Once their solar oven was complete and tested, Ms. Liz's students identified a couple of improvements they would make to increase the efficiency of their solar oven, including:

  • Seal up all potential heat escapes.
  • Use the thicker tin foil.

Despite the challenges of the task, being in the midst of both a renovation and moving homes, Ms. Liz's students showed great resilience in completing their solar oven build.

Third Place $250

 St. Francis Xavier, Grade 12
Edmonton, Alberta

Approaching this challenge in small groups, Ms Boulton's students were creative in both the design and materials of their solar ovens. All materials used were recycled or waste, including the plastic cover to an old picture frame, which was an excellent cover for one of the ovens. They reached temperatures of over 65oC, despite the outside temperature being around 12oC!
Ms Boulton's students involved other science classes at their school in their projects. They engaged two classes in evaluating the designs of their projects and presented their final solar ovens to various science classes, who completed a reflection of their learning. They also shared their learning and sustainable message through their school's social media channels. 
Using Wall-E as the spokesperson for the ovens was also an innovative idea from one of our students, because in the movie, he went through garbage to find treasures, and the message of that movie is to work towards sustainability.

When ask what renewable energy technology they would choose to power their community, one student responded:

“Solar energy comes directly from the sun rather than harmful fossil fuels, therefore much better for the environment and also much cheaper to use.
In Edmonton, 87% of our power comes from coal and natural gas. Although solar energy is expensive for installation, it is overall more efficient cost wise and consumption wise compared to fossil fuels. When producing electricity through the use of fossil fuels it takes millions of years for the sun’s energy to be converted into the potential chemical energy stored in plants and animals. Then as these fossil fuels are brought into power stations, they are heated up and create kinetic energy by turning large turbines. Those large turbines are connected to a generator that finally converts the kinetic energy into electricity used in our homes. As you can see solar energy is simpler and more efficient than fossil fuels.”

Honorable Mention

Holy Cross School, Grades 7-8
Winnipeg, Manitoba

Showing that age and location are no obstacles for this young re-energy engineer, Dr. B. and Mr. F.'s student built working models of both a wind turbine and solar panels. Entering in the Holy Cross School Science Fair and the Bison Regional Science Fair, this student demonstrated leadership, initiative and resilience as they shared their learnings about renewable energy this year.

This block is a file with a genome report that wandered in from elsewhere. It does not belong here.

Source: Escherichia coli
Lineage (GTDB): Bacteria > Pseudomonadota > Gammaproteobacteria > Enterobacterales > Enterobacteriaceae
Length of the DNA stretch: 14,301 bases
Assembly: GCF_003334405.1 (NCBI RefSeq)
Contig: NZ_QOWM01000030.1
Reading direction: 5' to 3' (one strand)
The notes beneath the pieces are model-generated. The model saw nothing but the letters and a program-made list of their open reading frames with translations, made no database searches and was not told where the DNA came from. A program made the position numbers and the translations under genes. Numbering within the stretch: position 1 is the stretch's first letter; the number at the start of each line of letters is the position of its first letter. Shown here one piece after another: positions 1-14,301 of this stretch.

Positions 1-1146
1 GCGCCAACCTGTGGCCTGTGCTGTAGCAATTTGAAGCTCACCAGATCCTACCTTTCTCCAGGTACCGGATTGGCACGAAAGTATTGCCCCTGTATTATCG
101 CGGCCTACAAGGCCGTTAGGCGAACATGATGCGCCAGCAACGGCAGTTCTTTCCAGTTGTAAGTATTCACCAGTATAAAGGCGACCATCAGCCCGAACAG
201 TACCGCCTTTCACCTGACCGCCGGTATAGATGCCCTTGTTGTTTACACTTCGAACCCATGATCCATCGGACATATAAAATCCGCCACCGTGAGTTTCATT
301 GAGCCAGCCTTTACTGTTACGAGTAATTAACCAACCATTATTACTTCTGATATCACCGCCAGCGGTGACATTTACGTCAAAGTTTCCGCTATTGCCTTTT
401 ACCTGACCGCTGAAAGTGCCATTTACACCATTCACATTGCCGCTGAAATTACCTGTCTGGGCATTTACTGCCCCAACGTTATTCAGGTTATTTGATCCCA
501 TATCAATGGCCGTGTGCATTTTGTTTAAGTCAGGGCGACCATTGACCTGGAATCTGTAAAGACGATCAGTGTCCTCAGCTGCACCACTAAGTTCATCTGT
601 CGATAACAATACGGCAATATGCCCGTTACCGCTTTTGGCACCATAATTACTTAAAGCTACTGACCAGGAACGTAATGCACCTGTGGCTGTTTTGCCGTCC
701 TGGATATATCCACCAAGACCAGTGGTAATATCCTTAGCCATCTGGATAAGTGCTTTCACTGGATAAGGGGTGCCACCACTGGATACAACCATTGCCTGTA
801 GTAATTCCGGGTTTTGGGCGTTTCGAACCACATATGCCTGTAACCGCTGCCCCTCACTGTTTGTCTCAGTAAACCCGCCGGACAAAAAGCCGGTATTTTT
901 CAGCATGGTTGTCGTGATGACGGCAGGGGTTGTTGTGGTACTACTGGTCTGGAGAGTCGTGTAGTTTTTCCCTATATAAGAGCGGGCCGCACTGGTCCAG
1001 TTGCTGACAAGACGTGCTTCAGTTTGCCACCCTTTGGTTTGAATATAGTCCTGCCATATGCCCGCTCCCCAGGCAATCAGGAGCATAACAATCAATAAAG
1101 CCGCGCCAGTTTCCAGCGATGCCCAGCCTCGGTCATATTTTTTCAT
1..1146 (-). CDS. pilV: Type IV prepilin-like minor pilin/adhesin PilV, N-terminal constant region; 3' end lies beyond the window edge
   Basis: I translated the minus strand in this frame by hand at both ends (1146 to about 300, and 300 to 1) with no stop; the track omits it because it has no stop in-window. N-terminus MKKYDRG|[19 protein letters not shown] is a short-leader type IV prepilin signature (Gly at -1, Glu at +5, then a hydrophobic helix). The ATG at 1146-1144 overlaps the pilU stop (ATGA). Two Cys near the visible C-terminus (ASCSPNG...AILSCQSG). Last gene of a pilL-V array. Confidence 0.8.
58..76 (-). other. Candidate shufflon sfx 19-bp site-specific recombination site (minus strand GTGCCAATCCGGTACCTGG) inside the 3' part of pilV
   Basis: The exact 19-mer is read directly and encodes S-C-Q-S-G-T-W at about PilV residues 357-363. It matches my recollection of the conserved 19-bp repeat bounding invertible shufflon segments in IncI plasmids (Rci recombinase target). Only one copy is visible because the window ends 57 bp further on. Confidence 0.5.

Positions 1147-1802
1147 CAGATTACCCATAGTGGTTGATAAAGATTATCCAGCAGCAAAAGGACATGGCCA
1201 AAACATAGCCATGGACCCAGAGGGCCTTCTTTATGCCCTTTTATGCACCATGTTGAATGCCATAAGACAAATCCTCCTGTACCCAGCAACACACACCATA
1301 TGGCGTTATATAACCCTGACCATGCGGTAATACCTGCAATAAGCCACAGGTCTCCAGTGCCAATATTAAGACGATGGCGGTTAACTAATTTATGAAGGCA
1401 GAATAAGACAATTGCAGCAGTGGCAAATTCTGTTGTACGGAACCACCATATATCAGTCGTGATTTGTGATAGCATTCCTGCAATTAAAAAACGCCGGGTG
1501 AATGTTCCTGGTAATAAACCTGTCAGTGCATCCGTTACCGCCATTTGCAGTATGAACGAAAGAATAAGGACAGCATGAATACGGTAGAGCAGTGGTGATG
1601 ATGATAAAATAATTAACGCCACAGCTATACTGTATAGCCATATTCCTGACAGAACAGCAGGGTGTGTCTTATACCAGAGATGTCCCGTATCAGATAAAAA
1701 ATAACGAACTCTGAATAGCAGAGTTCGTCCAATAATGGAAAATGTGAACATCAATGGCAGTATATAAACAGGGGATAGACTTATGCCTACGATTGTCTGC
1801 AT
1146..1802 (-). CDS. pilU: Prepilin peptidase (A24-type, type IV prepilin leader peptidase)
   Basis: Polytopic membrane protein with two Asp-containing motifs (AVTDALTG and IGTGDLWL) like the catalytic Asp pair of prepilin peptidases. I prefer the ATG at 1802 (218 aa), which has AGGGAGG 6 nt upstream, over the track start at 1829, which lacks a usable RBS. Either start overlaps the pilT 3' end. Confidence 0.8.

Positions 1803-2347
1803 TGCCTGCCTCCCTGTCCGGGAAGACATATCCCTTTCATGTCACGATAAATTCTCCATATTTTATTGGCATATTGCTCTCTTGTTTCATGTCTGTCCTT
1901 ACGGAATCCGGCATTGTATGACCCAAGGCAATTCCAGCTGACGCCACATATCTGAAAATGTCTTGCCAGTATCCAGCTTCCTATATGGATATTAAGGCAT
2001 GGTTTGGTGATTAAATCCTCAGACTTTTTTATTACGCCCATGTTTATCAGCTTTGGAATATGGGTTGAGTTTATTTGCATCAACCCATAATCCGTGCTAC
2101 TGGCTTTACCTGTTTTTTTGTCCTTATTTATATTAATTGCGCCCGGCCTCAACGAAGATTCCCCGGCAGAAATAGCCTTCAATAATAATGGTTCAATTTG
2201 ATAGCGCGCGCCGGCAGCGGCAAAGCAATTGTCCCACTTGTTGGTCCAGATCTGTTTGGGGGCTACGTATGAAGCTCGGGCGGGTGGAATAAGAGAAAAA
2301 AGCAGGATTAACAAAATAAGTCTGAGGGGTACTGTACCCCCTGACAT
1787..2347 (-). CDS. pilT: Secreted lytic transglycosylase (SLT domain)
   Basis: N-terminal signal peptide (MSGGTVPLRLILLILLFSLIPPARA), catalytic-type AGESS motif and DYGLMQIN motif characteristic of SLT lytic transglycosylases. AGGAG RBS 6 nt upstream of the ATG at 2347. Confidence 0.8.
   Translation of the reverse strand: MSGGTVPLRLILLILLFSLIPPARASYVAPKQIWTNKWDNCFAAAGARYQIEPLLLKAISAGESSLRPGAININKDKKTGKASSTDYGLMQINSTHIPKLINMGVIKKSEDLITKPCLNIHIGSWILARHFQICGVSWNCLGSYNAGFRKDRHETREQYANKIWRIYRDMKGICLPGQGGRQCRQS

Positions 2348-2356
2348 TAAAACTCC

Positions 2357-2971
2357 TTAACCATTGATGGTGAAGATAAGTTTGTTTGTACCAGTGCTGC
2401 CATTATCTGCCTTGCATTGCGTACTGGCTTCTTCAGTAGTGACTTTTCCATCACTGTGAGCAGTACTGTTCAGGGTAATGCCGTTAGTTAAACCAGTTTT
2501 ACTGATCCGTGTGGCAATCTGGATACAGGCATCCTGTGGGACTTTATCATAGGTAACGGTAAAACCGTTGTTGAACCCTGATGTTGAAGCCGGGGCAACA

After building their models, the student identified that their wind turbine model needed a more secure base and that in the future, they hope to build a renewable energy model that can power a model home! 

When asked what renewable energy technology they would choose to power their community, the student said:

"Wind power, it can be set up anywhere. The fuel source is free. Some places are better locations than others, but everywhere can have a wind turbine set up that generates power. 

Re-Energy In Action

Celebrating the many different ways learners and educators from across Canada were engaged in creating a circular economy for plastics through GreenLearning's Re-Energy Program.

Learners Participated in a Classroom Workshop or Event

Educators Participated in a Professional Development Session

Student and Teacher Sessions Delivered

Harnessing The Wind Pre-Recorded Workshop

GreenLearning facilitated curriculum-connected classroom workshops that engaged and inspired students from across Canada to think creatively about conserving energy and taking climate action. Click below to watch (or bookmark) a Re-Energy classroom workshop for grades 7-12, that was featured in Learning for a Sustainable Future's 2021-2022 Youth Forums:
“I feel hopeful that we can have a more sustainable future.” 

Grade 12 Participant, Alberta

"We felt very supported and thankful for the quick responses in communication. This has been an incredible experience for all of us. We look forward to joining again next year!"

Elizabeth Urban, Manitoba